[Haskell-cafe] Is Excel a FP language?

Ryan Dickie goalieca at gmail.com
Wed Apr 25 04:34:43 EDT 2007

On 4/24/07, Tony Morris <tmorris at tmorris.net> wrote:
> In a debate I proposed "Excel is a functional language". It was refuted
> and I'd like to know what some of you clever Haskellers might think :)
> My opposition proposed (after some "weeding out") that there is a
> distinction between Excel, the application, the GUI and Excel, the
> language (which we eventually agreed (I think) manifested itself as a
> .xls file). Similarly, VB is both a language and a development
> environment and referring to VB is a potential ambiguity. I disagree
> with this analogy on the grounds that the very definition of Excel
> (proposed by Microsoft) makes no distinction. Further, it is impossible
> to draw a boundary around one and not the other.
> I also pointed to the paper by Simon Peyton-Jones titled, "Improving the
> world's most popular functional language: user-defined functions in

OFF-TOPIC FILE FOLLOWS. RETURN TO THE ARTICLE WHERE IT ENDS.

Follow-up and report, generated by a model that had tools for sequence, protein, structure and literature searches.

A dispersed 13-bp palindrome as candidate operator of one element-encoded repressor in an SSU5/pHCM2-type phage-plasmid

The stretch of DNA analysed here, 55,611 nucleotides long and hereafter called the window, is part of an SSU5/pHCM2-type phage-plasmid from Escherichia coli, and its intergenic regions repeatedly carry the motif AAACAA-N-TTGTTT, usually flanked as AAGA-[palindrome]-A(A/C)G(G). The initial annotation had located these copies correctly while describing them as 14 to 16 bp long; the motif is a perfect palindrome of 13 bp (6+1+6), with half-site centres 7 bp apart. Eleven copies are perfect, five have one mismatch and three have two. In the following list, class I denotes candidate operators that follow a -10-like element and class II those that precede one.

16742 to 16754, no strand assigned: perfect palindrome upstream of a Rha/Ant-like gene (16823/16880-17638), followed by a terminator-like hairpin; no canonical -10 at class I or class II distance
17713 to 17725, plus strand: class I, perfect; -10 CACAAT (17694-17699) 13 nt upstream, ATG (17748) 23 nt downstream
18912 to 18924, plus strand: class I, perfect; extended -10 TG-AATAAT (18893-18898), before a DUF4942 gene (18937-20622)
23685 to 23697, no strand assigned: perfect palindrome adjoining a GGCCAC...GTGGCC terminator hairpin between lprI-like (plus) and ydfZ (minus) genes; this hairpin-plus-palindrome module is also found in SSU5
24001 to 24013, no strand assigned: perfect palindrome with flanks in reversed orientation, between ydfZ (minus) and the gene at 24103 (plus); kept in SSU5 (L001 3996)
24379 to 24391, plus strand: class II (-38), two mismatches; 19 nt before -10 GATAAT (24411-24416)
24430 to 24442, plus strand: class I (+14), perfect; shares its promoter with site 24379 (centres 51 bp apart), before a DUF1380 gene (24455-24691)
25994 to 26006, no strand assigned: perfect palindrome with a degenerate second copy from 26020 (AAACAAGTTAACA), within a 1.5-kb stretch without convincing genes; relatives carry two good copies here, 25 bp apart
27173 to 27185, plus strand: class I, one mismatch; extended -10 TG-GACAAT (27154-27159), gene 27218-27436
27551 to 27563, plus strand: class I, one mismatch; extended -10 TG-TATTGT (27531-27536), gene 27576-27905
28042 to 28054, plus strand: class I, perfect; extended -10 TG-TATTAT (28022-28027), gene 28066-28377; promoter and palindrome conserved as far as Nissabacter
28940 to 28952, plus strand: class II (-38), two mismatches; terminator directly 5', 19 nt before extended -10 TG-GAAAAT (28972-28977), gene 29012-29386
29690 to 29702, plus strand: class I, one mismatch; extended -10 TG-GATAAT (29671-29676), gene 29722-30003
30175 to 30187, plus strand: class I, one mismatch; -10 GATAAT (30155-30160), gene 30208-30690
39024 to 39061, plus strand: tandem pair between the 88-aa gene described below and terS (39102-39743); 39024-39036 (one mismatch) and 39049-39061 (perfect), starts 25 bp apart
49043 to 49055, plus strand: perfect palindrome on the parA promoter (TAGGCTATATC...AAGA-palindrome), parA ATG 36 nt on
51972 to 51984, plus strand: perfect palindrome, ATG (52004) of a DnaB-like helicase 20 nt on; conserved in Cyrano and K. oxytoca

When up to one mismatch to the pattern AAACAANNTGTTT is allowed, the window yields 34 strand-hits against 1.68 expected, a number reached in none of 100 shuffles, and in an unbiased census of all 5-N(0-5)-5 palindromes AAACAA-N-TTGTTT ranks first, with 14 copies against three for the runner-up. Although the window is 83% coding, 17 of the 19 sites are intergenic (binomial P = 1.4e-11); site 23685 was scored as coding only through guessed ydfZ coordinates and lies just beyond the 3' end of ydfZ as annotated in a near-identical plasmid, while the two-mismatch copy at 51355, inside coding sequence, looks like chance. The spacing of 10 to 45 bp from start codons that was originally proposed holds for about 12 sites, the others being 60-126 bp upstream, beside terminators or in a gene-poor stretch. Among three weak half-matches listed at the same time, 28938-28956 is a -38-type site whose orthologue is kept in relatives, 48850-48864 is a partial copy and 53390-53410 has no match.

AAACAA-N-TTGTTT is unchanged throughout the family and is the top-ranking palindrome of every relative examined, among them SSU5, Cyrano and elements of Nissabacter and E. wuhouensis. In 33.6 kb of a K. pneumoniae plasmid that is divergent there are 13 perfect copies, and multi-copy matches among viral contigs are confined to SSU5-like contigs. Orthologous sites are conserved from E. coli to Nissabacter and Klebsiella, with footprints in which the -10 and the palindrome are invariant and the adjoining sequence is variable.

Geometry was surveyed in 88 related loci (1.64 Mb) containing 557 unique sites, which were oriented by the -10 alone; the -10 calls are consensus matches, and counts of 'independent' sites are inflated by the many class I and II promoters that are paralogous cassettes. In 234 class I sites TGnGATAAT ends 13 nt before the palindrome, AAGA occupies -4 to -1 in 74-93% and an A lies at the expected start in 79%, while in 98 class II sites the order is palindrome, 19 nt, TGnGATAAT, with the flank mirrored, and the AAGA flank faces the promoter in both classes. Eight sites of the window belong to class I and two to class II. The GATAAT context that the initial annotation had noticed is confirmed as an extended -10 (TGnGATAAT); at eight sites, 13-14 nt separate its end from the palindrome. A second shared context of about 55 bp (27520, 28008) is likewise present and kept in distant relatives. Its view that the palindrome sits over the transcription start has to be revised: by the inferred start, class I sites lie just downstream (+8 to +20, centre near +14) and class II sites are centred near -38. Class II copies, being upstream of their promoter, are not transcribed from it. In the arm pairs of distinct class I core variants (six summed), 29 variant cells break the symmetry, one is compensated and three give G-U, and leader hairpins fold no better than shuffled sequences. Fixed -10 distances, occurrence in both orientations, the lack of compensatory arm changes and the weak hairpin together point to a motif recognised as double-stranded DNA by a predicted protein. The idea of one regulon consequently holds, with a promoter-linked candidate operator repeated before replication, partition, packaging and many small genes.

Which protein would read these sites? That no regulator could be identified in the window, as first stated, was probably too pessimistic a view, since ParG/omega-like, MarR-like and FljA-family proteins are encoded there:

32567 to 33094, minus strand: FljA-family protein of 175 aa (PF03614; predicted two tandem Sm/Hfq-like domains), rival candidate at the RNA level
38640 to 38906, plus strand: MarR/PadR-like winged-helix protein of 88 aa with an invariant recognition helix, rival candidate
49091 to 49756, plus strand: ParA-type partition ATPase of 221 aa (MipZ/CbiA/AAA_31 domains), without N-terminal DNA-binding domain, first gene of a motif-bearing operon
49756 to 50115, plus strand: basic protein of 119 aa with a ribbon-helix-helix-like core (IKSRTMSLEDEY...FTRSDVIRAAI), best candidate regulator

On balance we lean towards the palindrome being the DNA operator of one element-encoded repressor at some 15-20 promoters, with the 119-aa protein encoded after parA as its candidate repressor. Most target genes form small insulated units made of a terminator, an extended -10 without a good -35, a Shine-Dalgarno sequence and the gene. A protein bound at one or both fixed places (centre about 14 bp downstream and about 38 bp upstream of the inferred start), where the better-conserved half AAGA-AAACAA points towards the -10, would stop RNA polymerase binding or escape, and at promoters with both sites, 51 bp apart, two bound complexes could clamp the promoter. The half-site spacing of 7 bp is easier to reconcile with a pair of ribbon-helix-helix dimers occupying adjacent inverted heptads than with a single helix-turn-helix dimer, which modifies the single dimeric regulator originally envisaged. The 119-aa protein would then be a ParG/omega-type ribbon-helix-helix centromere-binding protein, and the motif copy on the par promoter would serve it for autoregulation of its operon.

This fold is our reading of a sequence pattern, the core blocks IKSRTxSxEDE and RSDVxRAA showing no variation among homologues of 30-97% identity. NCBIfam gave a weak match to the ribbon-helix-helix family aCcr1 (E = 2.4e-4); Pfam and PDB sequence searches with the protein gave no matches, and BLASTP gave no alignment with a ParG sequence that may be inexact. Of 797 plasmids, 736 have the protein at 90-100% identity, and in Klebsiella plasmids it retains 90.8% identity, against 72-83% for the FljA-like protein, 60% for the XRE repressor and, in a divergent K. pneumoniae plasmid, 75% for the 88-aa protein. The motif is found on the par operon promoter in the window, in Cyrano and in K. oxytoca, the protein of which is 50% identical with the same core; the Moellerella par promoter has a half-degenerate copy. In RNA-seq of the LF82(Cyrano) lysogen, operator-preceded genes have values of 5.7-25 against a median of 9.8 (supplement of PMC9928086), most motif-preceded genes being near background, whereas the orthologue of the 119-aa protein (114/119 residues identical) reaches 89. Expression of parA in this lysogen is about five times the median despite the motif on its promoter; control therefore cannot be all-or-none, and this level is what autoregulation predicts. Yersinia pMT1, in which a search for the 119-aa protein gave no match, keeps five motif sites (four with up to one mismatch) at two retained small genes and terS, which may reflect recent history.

> Excel", which quite clearly refers to Excel as a [popular] functional
> language.
> The debate started when I referred to the fact that financial
> institutions change their functional language from Excel to something
> like OCaml or Haskell. Of course, there is no doubting that these
> companies can replace their entire use of Excel with a functional
> language, which I think is almost enough to fully support my position
> (emphasis on "almost").
> --
> Tony Morris
> http://tmorris.net/
> _______________________________________________
> Haskell-Cafe mailing list
> Haskell-Cafe at haskell.org
> http://www.haskell.org/mailman/listinfo/haskell-cafe

Okay.. Excel consists of some c/c++ code, some visual basic, and some sort
of cell evaluation engine. The c/c++ and vb are definitely not functional.

Is the cell evaluation engine one? I think not. I do not believe what you
can type into those cells does constitute a programming language, or at
least not a turing complete one. As far as i know only simple calculations
can be performed. For example, is there any way to evaluate f(2) = 0, f(x) =
5 without invoking vba (how does vba affect the dynamic?). As far as i
understand you can compose functions by stringing cells together, higher
level functions or values, but the contents of the cells themselves are
heavily restricted.

I am obviously no Excel guru but I believe that if you can prove it a
programming language then you can probably prove that it is a functional

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